Eggshells

Appears in

Oxford Companion to Food

Oxford Companion to Food

By Alan Davidson

Published 2014

  • About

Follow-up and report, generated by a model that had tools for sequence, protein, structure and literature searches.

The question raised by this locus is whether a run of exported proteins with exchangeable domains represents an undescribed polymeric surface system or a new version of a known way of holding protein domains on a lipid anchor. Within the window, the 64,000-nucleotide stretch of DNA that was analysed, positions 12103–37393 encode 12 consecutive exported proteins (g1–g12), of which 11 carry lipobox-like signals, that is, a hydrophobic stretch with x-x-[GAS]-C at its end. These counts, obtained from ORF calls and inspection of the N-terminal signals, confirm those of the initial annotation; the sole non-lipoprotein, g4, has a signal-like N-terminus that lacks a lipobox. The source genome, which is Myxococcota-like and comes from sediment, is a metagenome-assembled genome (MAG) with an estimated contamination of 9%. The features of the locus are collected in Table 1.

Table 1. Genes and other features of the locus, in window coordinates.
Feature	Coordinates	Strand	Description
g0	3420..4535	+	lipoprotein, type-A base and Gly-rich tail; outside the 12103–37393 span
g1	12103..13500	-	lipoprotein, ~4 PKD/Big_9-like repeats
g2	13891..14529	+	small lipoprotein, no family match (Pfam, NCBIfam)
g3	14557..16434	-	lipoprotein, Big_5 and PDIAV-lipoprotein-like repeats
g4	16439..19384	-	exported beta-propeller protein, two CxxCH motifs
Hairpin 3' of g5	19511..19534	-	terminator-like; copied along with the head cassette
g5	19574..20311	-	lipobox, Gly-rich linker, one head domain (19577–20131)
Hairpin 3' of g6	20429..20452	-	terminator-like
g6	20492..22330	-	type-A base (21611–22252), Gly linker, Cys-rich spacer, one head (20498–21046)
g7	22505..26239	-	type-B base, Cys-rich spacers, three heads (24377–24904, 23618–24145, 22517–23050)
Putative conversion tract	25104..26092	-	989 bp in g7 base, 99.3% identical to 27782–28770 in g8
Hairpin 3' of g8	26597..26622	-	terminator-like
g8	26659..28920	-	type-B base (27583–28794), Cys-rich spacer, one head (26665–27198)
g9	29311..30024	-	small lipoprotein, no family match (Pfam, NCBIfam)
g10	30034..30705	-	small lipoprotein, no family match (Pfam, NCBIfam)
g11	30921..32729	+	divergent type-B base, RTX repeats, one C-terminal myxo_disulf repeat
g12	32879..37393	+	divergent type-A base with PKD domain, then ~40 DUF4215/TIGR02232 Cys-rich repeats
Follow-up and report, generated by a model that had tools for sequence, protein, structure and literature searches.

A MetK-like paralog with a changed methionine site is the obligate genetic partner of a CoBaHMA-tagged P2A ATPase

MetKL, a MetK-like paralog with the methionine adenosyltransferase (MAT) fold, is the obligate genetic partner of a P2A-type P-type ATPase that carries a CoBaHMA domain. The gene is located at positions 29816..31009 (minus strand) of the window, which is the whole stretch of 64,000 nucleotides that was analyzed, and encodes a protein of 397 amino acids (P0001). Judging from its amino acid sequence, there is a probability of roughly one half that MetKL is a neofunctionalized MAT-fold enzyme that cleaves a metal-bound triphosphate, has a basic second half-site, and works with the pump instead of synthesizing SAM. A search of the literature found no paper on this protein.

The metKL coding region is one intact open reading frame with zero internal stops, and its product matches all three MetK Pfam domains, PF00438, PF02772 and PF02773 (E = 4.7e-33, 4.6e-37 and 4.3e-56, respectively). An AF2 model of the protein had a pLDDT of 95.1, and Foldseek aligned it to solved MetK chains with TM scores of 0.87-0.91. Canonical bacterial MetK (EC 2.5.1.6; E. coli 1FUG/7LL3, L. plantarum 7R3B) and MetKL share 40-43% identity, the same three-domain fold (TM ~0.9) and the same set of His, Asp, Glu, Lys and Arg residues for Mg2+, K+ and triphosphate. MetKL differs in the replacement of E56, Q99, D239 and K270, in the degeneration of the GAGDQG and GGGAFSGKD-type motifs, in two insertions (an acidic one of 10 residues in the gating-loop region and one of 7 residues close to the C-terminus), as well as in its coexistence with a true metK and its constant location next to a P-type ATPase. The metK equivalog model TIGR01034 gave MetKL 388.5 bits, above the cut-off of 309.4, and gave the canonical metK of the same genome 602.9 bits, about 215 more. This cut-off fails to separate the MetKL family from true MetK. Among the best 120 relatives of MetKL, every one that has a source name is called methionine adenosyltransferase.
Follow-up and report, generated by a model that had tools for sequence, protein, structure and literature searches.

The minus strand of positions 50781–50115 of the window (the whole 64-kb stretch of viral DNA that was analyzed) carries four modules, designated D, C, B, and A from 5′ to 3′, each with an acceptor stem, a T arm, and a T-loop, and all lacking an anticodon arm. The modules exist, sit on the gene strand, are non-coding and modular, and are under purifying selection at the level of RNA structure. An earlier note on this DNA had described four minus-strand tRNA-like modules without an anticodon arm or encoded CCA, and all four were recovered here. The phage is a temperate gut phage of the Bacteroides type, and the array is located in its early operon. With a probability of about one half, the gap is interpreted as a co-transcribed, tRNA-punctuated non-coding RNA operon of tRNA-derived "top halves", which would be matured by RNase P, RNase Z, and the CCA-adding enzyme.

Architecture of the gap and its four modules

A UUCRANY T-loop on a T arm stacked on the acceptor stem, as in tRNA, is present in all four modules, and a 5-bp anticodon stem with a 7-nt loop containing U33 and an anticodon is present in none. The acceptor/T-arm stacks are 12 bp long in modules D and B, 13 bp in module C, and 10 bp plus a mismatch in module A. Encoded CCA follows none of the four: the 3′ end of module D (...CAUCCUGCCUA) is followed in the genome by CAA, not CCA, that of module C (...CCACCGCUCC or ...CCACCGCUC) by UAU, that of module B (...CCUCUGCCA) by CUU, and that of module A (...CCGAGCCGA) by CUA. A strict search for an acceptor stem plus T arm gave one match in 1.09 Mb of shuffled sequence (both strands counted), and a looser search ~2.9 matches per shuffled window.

Whether they are white or brown or speckled is immaterial to the cook. What does matter is that they are porous. One consequence of this is that eggs may absorb unwanted odours, a risk to which textbooks often call attention but which in practice seems to be slight. Another is that the carbon dioxide which begins to be formed within the egg as soon as it is laid can get out. Loss of carbon dioxide increases alkalinity and causes a slight diminution in the protein content of the egg. Egg processors can prevent this by dipping their cleaned eggs in a special colourless and tasteless machine oil that seals the pores of the shell. They, no doubt unwittingly, make it impossible to execute some kinds of egg cookery which are typical of the Middle East, notably ‘hamine’ eggs, in which whole eggs are simmered overnight, very gently, with oil and onions, whose flavour permeates the contents. A more exotic example is provided by Œufs à la constantinopolitaine, a recipe given by Mrs Leyel and Olga Hartley (1925), which calls for cooking eggs in their shells very slowly for at least twelve hours in a mixture of olive oil and Turkish coffee. The mixture eventually penetrates the shells, making the whites amber and the yolks orange, and imparting a flavour of chestnuts. The best way, however, to delay loss of condition is refrigeration.